Sailor’s House

Puck, Poland 2017.

Infrastructure of the Scout Maritime Centre (HOM)  in Puck in August 2017 has been enriched by a new facility, which meets the highest energy efficiency standards, i.e. a passive building. 

Investing in Elmot’s technology is the next step for Puck HOM towards the creation of an environmentally friendly and energy-saving sea centre. So far, scouts could be proud of using modern solutions such as a heating system using heat pumps and solar collectors.

Currently, guests of the resort can book an accommodation in one of the 30 rooms of the Sailor’s House, which were arranged on three floors (the ground floor was adapted to the needs of the disabled). The building was made entirely in modular technology with a steel structure. It is the first rest house in Poland that combines modularity, steel frame and passive standard into one. Thanks to this the building was created in a very short time, it is characterized by high durability and excellent insulation parameters.  

Our company as a general contractor was responsible for the design, preparation of the foundation on piles, production of modules and their assembly in Puck, as well as all outfitting such as facades or land side development.

Ground works in the area of HOM in Puck started on April 21, 2017. At the same time, in the production plant in Kopytkowo, twenty-one modules were reinforced, the frames of which were previously prepared by the Elmot steel construction department.

All works in the steelworks over the frame of the Sailors’ House, which included painting, shot peening and welding of steel details lasted a total of 8 weeks. At the time when the last steel constructions were being built on the steel construction hall, the employees of the housing hall were already finishing their first reinforcing. Moving around the plant, like on a production line, the skeletons were reinforced with plumbing, electrical and ventilation installations. In addition, the project assumed a high degree of prefabrication, that is why, in addition to the construction of the walls and insulation layers and floor installations, such rooms as e.g. bathrooms were finished on the spot and went to Puck with the already placed stoneware. The whole “reinforcing” lasted a total of 8 weeks. Thanks to the prefabrication part the work could be done simultaneously, which shortened the total production time.

When the production part at the plant in Kopytków was finished and the foundations in Puck were ready, all that remained was to transport ready modules to the HOM area and start their assembly. The location of the scouting centre turned out to be quite a challenge for lorry drivers carrying the building piece by piece. The surroundings of the Bay of Puck, sprinkled with dense buildings and narrow streets, were not ready to welcome such a large lorry, let alone twenty-one of them. In addition, for various reasons, the transport could only be done during the night. Despite initial doubts, it was possible to plan this stage appropriately and finally it turned out that from this element the President of Elmot Jarosław Wasielewski was satisfied the most. ‘The way how transport was managed on such a difficult terrain only confirms that the technology we have decided to develop makes sense and gives new opportunities to build even when more is required than in the case of a traditional construction’ – stated the person leading our company.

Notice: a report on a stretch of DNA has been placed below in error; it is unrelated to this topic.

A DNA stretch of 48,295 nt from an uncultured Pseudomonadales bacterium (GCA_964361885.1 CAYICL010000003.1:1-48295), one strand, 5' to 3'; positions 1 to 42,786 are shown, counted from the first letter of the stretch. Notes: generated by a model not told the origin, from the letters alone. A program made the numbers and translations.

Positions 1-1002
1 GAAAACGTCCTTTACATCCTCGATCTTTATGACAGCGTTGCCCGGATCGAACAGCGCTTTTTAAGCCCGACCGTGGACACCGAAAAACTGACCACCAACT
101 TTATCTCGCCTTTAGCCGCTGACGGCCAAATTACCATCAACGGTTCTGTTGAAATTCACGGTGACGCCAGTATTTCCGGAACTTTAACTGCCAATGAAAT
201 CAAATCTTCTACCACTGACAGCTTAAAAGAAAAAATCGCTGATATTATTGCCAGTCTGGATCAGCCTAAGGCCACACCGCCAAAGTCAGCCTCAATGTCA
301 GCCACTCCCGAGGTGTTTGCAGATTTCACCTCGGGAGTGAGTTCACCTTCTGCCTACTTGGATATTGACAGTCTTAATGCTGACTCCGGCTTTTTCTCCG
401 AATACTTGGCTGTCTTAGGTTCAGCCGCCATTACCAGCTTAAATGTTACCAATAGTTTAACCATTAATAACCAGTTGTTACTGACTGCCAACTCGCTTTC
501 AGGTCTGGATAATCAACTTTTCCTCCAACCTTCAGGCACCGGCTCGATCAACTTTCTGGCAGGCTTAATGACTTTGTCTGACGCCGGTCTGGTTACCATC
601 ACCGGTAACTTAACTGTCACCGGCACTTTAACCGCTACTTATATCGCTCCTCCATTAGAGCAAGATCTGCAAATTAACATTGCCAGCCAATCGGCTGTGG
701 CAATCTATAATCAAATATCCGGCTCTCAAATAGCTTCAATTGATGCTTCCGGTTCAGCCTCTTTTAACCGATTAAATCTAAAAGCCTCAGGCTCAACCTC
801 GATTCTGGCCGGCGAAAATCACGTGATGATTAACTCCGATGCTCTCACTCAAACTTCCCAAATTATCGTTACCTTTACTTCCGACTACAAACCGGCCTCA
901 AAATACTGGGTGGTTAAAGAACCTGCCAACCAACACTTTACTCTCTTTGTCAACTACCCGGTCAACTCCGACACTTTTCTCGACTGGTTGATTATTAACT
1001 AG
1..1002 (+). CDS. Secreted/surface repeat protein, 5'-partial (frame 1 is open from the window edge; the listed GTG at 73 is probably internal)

The assembly of the Sailor’s House began on May 23, 2017. The evening before, seven lorries were placed in the parking lot near the construction site, each of them had one module each. A crane was placed at the construction site itself. As soon as the sun rose, the first of the trucks entered the construction site and using the crane the first module was on the foundation. The driver set out for Kopytkow for the next modules, and the place of his vehicle took another one. This operation was repeated 5 more times that day, until the premiere storey consisting of seven modules was completed. The next two days looked the same and on May 25, 2017 there was already a three-story building in the centre. Work using heavy equipment (crane, trucks) lasted only 3 days. It is worth noting that such a small construction site and maintaining comfort for local residents would be impossible to keep in traditional construction. Throughout the construction period, guests of the centre had unlimited access to the existing HOM facilities.

The last stage of implementation began on May 26, 2017. The building was covered with scaffolding and a temporary roof. This part assumed, among others, all outfitting work on the outside and land side development (preparation of parking and small architecture). Small works also lasted inside, where, among others the furniture and equipment of the front desk were installed. The entire work ended in July 2017, while the usage permit was issued on August 18, 2017.